The bottom chart plots the gap sizes (lengths of the high-low lines).  It is without doubt that directly plotting the gaps showcases the key message.  The current level of volatility is more than double what occurred at the beginning of the year.

If one wants to illuminate the trend as opposed to daily fluctuations, a further improvement will be using moving averages.

For those interested, shown below is a scatter plot that compares the original point spread and the derived point spread, which shows that the change is not trivial.


Reference: "The Market: A Daily Roller Coaster", Business Week, Oct 27 2008.

How to read a graph

Via Gelman, here is a nifty book-buying map from Amazon, displaying the split between "red books" and "blue books" bought by Amazon users in each state in the months leading up to the 2004 and 2008 presidential elections.


Gelman noted the similarity between the Amazon map and the red-blue split of rich voters.

This post is about how to read a graph.  Here are some things that come to mind looking at the map:

  • Sampling bias: how does Amazon's customer base compare with the U.S. population, or rich voters?  It would be prudent to check this before making generalizations.  Gelman's point may be that Amazon customers behave like rich voters.
  • Sampling period: is the period long enough to capture the average inclination of the book buyers?  As is well known, book sales follow a long-tail distribution (Chris Anderson wrote an entire book based on this observation.)  Best-sellers have a disproportionate influence on average values.  If the time period is too short, the data may only represent the best-sellers.  Consider the following two maps in successive periods in 2004:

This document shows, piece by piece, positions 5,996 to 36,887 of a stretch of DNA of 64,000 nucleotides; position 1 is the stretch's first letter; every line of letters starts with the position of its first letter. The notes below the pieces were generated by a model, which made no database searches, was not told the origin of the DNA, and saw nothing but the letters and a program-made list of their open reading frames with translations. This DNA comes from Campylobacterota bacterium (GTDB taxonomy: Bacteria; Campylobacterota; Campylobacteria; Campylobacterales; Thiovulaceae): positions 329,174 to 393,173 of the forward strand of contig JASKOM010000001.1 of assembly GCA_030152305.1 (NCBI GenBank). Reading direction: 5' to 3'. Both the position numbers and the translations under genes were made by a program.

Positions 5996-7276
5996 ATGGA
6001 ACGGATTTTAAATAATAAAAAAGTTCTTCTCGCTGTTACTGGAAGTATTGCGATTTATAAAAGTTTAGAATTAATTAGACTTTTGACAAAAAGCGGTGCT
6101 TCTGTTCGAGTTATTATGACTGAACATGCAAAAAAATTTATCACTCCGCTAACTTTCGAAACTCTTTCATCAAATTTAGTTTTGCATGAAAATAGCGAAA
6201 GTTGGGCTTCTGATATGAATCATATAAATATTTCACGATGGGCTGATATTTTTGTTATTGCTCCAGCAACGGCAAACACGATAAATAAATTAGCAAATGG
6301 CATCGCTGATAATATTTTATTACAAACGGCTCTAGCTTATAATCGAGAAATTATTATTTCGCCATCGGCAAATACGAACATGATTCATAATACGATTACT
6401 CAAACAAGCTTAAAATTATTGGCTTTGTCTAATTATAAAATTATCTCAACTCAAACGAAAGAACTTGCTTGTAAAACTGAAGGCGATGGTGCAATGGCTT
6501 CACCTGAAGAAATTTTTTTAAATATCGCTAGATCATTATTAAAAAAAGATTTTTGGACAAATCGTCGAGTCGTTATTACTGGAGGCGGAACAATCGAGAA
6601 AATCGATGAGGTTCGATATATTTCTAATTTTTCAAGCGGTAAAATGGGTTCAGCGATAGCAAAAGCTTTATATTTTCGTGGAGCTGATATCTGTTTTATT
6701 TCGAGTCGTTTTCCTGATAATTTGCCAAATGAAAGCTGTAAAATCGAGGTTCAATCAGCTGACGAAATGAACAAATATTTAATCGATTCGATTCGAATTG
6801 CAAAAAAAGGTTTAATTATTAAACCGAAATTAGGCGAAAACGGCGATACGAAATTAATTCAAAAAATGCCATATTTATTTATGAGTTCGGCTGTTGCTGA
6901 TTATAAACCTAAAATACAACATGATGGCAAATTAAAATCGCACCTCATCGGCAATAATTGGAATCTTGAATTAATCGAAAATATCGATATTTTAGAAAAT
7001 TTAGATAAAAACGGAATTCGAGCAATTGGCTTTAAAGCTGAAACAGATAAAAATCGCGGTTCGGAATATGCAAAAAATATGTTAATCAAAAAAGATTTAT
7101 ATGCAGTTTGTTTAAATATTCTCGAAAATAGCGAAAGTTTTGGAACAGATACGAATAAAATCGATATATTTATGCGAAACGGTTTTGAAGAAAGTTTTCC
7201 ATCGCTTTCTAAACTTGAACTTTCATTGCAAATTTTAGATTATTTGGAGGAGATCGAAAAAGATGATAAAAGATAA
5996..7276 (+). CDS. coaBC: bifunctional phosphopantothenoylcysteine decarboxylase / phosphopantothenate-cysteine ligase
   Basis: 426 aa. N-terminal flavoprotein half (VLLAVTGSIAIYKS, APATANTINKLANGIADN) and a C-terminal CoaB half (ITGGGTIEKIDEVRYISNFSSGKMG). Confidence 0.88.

Much of the red in the first map was due to John O'Neill's "Unfit for Command", published in August 2004, and much of the blue in the second map was due to John Dean's "Worse Than Watergate", published in April 2004.  If one of these two-month periods was used to draw conclusions, we would make big mistakes!

  • Classification: The long-tailed nature of book sales has wide-reaching implications on interpreting the data.  The most essential feature is that single books (bestsellers) have a disproportionate impact on average sales.  Since the key metric here is proportion of red (or blue) books, it follows that whether a best-seller is classified as red or blue makes a huge difference. 
Thus, one of the first things to look at is Amazon's helpful explanation of how they classified books as "red" or "blue".  We learn that they also have "purple" books which are those they could not decide if it's red or blue.  Each red or blue book is given equal weight but it appears that purple books are not tallied.  Glancing at the list of purple books, I see some hugely important books, e.g. Ron Paul's "The Revolution: A Manifesto" (Amazon rank #56  among all books), Tom Friedman's "Hot, Flat and Crowded" (#15).